Nor would a return to realism necessarily prevent another foreign policy fiasco. For an example of realism gone wrong, we need only look at Vietnam. The intervention in South Vietnam was couched in language of the defense of democracy, but in truth it was mainly an effort to prevent the spread of communism. At the time, intelligent and reasonable men believed that to allow communism to spread from one country to the next, even in what were to us backwater, under-developed nations in Southeast Asia, was a prelude to it's eventual spread to the borders of America. The spread of communism had to be fought everywhere at once, with as much might as we could summon, or we faced being swamped by it at home. But this proved to be a terrible fallacy. We "lost" South Vietnam, but did not lose even the rest of Southeast Asia, let alone any country nearer and more crucial to us. Realism, which sought to defend our narrowly defined interests, had mistaken a non-threat for a world-shaking threat, and paid with the loss of tens of thousands of soldiers, and hundreds of billions of dollars.
Clearly then, realists and idealists are equally prone to making mistakes when they make foreign policy decisions that are based on incorrect assumptions.
Wright's "new" approach, though he calls it "progressivism", is actually more pragmatic than anything else. Clearly, there are times when the United States must act in it's own interests. But at the same time, credibility is valuable in diplomacy, and nothing gives us more credibility than standing up for freedom and democracy the world over. And frequently we have the opportunity to act in both our own interests and the interests of others around the world; Afghanistan and Iraq have been opportunities to further democracy, even if we have so badly botched them thus far. What is required then is a careful balancing of self interest, morality, cost and capability. In any given situation, what is the cost of action in our own self interest? To the cause of democracy? What capability do we have to take an action? What are our chances of succes, and what will be the result if we fail? Depending on the complexity of the situation, these questions-especially the one about consequences-may not be easy to answer. But they must be asked, and answered to the best of our ability, before any action can be justified. Otherwise we court unintended consequences and risk the loss of credibility or the failure to protect ourselves from risk.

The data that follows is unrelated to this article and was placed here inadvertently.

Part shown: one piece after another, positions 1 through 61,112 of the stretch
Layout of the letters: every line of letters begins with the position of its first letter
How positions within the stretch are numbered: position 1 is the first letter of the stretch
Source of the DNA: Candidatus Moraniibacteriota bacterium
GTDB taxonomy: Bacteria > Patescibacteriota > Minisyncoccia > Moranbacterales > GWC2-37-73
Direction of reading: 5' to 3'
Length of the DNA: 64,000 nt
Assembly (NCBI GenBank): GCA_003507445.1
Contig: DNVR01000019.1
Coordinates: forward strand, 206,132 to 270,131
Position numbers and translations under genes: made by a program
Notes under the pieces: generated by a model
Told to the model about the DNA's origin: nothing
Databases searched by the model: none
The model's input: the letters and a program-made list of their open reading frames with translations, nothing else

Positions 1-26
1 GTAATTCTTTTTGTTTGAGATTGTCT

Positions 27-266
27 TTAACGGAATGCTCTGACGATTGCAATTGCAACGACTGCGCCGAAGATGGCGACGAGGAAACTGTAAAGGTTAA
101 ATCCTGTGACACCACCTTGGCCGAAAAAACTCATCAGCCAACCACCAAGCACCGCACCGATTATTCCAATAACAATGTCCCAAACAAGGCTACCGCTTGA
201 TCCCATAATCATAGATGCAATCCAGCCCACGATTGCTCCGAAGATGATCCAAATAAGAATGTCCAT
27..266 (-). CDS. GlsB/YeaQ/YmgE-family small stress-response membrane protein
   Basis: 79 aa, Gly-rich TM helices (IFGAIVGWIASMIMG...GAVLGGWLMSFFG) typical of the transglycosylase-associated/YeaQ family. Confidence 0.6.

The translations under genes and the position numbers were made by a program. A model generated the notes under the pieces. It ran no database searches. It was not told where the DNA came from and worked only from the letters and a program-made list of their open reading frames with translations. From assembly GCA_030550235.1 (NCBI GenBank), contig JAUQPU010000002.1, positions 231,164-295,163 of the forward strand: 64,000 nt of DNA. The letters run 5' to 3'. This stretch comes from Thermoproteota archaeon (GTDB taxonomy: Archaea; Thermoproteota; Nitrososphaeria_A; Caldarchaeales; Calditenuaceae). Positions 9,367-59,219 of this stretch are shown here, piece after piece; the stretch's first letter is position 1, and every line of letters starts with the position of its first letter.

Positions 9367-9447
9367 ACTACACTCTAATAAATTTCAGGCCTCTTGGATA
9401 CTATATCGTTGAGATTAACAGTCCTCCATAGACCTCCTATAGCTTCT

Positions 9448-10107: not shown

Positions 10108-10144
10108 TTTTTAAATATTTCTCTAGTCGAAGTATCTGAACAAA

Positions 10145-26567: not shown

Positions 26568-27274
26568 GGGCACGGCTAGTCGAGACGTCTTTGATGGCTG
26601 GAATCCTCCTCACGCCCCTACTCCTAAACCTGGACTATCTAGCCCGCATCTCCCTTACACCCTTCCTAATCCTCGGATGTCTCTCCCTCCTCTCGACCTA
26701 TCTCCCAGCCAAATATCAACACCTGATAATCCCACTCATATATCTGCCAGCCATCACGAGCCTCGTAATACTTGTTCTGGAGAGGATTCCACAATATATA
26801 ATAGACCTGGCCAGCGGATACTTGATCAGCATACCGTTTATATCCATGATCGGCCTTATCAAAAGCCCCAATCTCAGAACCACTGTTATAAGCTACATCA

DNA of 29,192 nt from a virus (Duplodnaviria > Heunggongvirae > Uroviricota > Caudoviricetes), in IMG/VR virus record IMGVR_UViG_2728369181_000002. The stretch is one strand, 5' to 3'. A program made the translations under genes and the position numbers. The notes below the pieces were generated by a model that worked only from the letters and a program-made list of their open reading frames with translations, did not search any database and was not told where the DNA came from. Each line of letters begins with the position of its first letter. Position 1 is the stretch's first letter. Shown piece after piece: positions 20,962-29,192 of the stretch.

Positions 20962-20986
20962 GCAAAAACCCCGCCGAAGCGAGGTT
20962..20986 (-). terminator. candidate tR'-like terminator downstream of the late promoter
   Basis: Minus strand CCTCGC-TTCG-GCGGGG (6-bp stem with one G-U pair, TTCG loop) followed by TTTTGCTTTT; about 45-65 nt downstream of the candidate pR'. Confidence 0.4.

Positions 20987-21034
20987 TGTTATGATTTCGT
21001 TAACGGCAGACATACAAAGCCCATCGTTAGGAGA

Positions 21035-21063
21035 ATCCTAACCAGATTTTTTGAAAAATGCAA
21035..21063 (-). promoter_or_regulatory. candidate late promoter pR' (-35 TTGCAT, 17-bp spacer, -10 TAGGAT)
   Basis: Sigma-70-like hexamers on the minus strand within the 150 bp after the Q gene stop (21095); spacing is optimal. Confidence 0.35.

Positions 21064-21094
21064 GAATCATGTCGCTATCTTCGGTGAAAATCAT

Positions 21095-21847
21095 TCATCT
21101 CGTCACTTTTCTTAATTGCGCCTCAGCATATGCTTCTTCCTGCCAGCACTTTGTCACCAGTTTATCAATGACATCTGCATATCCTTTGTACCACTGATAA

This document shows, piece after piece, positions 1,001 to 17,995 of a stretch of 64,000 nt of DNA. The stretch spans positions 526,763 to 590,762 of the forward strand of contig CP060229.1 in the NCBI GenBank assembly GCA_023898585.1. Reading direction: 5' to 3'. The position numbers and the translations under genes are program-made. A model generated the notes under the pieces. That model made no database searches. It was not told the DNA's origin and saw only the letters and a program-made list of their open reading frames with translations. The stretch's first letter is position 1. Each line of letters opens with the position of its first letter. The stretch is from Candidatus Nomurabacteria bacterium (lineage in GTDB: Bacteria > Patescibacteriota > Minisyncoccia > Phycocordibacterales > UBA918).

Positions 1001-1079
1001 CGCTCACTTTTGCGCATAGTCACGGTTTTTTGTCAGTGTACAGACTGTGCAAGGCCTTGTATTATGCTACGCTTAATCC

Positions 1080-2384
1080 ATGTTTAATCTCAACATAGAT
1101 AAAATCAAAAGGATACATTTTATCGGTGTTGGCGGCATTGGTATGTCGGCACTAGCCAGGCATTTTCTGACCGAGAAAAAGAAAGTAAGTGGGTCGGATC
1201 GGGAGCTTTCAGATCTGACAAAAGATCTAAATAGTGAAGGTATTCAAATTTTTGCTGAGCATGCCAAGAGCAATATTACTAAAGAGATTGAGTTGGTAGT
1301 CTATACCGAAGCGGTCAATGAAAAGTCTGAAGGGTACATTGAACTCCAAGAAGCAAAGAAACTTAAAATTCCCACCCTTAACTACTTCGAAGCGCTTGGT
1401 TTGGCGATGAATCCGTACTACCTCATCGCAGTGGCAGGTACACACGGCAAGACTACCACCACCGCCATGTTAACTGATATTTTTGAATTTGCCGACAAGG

This new approach would have saved us from the debacle in Iraq, as Wright points out. The threat to our security was not enough to justify pre-emptive war, and the potential cost of occupation has been too great to justify action on humanitarian principles alone. But progressivism does not foreclose all action on a particular sitaution. We could have renewed our pressure on Saddam Hussein, steadily weakened him until rebels that we aided toppled his regime, and advocated a new, more democratic government. In the end the result might be the very same chaos we see now...only without us having spent hundreds of billions and lost 2500 American soldiers in the process, and without us damaging our credibility by using the rhetoric of freedom to justify a war after the fact that was justified in it's inception by the language of national security.
A new approach to foreign policy is not a panacea to our presently incoherant foreign policy approach. Merely paying lip service to a new approach is not enough. As with all foreign policy and diplomacy, intelligence (the kind you obtain, and the kind in your head) is necessary. Most importantly, we must understand that much of our power around the world comes from the ideals we represent as a liberal democracy, and that we cannot afford to take any action without considering how that action either enhances or tarnishes our position as the pre-eminent beacon of freedom the world over.
It is my hope then that in our rejection of neo-conservatism we don't turn towards an equally inconsistent "realist" approach. The answer to many of our foreign policy problems lies in an approach that reinforces our position not only as the world's greatest economic and military might, but as a symbol of the great hope of democracy to the rest of the world.